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gives; but soft words assuage it, forgiving words cure it, and kindly words take away the scar.

The passions are the gales of life, but it is religion that keeps them from rising into a tempest.

OF HUMILITY. An humble spirit knows nothing but God's grace, and an upright heart nothing but God's glory.

That is true humility which makes way for Christ, and lays the soul at his feet.

Humility is the greatest ornament of created beings; for to be conscious of our littleness, and to delight in God, is not only the beauty but the bliss of man.

Humility and knowledge in mean clothes are better than pride and ignorance in costly attire.

Humility is not a flower that grows in the garden of nature, but is planted in the heart by the finger of God.

God hath two temples, the one in the highest heaven, and the other in the humblest heart.

If you are a growing Christian, you will daily think less and less of yourself.

The humble soul is like the violet, which hangs its head downwards, and hides itself in its own leaves.


As the first step heavenward is humility, so the first step hellward is pride.

Of all the human passions, pride seldomest obtains its end; for by aiming at honour and

reputation, it reaps only contempt and derision.

If a proud man makes me keep my distance, it is my comfort that he keeps his own at the same time.

The best way to humble a proud man, is to take no notice of him.

That which would break a proud man's heart, would not break a humble man's sleep.

Pride takes a pleasure in bringing to light the infirmities of others, that itself may be exalted; while humility delights to contemplate the excellencies of others, that it may be laid still lower in its own esteem.

OF VANITY. Ostentation takes away from the merit of any action; and he that is vain enough to cry up himself, should be punished with the silence of others.

They who expose themselves to danger for the sake of fame, have certainly more blood than brains to spare.

Young men when they are dyed in vanity, will scarcely ever take any other colour.

There are a thousand fops made by art, for one that is made by nature.

A fop of fashion is the mercer's friend, and his own foe; for though a coat be never so fine that a fool wears, it is still but a fool's coat.

A beau dressed out is like the cinnamon tree, the bark is worth more than the body : an ass is but an ass, though it be laden or covered with gold.

Some persons put so much value upon ornaments, that even the thought of death is made less gloomy by them.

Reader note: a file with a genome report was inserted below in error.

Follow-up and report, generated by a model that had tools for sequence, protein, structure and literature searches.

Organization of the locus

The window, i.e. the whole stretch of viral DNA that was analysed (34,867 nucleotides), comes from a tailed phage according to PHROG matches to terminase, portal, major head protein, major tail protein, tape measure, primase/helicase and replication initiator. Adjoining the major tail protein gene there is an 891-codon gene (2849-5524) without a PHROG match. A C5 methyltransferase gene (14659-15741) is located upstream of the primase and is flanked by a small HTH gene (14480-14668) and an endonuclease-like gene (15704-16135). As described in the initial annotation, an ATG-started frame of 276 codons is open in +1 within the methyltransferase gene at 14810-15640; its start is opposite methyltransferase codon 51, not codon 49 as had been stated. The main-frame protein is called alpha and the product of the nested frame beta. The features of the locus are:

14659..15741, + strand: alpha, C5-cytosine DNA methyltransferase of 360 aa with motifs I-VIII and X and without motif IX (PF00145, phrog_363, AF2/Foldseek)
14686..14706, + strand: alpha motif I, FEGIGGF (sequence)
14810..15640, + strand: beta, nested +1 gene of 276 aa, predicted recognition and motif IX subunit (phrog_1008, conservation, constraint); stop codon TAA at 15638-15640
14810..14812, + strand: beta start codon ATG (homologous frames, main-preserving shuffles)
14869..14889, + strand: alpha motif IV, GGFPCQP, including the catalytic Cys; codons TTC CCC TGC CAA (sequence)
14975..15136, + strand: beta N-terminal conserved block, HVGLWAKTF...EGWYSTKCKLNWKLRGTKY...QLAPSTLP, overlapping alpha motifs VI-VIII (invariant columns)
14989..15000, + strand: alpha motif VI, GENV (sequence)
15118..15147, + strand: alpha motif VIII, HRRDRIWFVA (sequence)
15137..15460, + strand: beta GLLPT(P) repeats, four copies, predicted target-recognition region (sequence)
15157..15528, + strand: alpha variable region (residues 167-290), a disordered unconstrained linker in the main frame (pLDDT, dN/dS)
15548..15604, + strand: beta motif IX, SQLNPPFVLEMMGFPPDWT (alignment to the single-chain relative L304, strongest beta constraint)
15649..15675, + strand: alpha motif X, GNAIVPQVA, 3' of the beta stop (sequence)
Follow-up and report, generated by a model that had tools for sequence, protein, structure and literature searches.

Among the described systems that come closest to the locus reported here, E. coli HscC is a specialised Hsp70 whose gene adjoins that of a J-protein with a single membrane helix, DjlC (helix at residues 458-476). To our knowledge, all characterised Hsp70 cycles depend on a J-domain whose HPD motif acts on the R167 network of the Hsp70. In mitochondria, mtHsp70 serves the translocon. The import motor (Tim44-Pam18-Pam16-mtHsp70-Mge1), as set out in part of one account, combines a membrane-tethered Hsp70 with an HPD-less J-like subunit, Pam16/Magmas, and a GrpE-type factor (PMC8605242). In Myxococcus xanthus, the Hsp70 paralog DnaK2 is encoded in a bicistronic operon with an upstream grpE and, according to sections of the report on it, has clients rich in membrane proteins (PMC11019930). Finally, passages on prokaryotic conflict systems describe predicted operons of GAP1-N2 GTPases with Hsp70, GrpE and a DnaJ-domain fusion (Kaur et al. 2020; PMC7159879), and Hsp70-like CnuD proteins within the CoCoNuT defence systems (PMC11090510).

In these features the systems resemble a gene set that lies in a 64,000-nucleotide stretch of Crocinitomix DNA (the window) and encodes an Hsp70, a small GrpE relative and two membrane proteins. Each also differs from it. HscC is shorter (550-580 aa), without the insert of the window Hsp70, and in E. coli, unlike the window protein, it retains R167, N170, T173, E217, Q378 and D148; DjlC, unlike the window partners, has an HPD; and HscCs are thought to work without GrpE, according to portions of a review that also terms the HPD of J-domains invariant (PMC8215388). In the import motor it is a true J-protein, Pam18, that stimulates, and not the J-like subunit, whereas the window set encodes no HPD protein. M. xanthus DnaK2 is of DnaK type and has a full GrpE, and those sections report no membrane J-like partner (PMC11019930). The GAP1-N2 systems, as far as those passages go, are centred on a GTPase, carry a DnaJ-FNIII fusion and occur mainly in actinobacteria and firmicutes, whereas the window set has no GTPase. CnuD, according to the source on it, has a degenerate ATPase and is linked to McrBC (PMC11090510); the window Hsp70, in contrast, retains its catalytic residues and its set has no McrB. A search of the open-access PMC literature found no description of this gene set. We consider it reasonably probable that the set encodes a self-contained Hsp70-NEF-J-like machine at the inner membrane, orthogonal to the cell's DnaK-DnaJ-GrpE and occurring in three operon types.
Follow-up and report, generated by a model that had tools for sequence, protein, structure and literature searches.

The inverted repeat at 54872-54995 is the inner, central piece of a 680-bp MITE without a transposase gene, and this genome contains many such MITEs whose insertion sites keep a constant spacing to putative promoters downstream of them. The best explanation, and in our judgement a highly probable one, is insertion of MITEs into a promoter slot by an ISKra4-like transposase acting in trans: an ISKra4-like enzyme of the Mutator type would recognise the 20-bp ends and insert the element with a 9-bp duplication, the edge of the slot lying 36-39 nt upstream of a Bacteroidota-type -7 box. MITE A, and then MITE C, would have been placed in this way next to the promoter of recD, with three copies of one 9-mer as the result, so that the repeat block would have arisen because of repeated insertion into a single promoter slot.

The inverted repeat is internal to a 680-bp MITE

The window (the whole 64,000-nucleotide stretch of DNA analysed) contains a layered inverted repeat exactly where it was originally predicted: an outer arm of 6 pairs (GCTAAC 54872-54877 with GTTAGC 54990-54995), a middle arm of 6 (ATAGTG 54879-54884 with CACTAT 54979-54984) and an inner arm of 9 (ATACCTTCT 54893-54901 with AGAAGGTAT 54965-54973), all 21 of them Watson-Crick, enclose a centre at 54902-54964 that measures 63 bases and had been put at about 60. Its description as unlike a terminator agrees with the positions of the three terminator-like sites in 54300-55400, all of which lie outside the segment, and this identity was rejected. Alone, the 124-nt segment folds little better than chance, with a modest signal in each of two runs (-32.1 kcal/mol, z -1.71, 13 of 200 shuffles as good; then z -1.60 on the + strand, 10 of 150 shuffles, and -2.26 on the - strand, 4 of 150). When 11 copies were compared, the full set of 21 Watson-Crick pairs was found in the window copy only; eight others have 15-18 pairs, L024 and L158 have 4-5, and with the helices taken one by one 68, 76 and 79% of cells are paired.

OF FLATTERY. Wherever there is a flatterer, there is a fool in the case.

Flattery is like base money; and were it not for our vanity, it would never pass current.

The fortunes of flatterers are made more by their tongues, than by their lives.

It is better to fall among crows than flatterers; for these only devour the dead, but flatterers the living.

A death-bed flattery is the worst of all treacheries; for compliments are out of season, when salvation is at stake.


He that is guilty of envy, makes another man's virtue his vice; and another man's happiness his torment.

The heart of an envious man is gall and bitterness; the success of his neighbour breaketh his rest.

The man who hath no virtue in himself, envieth the virtue he seeth in others.

If we knew how little the most of men enjoy, it would deliver us from the guilt of envy.

Envy not the appearance of happiness in

any man, for thou knowest not his secret griefs.

The surest sign of a noble disposition, is to have no envy at the prosperity of others.

No revenge is so heroic, as that which torments envy by doing good.

OF AVARICE. The prodigal robs his heir, but the miser robs himself.

It is madness for a man to starve himself, that his heir may be enriched; for his joy at your death, will just be in proportion to what you leave him.

If money be not thy servant, it will be thy master; for the covetous man cannot possess wealth, but wealth possesses him.

Covetousness must be a miserable vice, first to weary a man in obtaining riches, and' then not suffer him to enjoy them when they are gotten.

It is a much easier task to dig metal out of its native mine, than out of the covetous man's coffer; death only has the key of the miser's chest.

Men generally take more pains for this world than heaven would cost them; and when they get what they aim at, they seldom live to enjoy it.

Those who defer their gifts to a death-bed, say unto God, “ Lord, I will give thee something, when I can keep it no longer."

THE MISER'S EPITAPH. Iron was his chest, and iron was his door; His hands were iron, but his heart was more. O cursed lust of gold, when for thy sake The wretch throws up his interest in both

worlds; First starv'd in this, then damn'd in that tu



Those who have the fewest desires, hopes, and fears, are always the most serene and quiet.

Wisdom is always satisfied with present enjoyments, because it frees a man from anxious fears about the future.

A firm confidence in the assistance of God, produces patience, hope, and cheerfulness in the soul.

A well-grounded hope of future happiness, is the most perfect cure to melancholy, the guide of life, and the comfort of death.

OF GRATITUDE AND INGRATITUDE, Thanks-giving is good, but thanks-living is better.

To be thankful for present mercies, is the best way to obtain future mercies.

To be thankful for what we have, and hopeful for what we want, is the best way of carrying on our merchandise with heaven.

Give me the eye that can see God in all;

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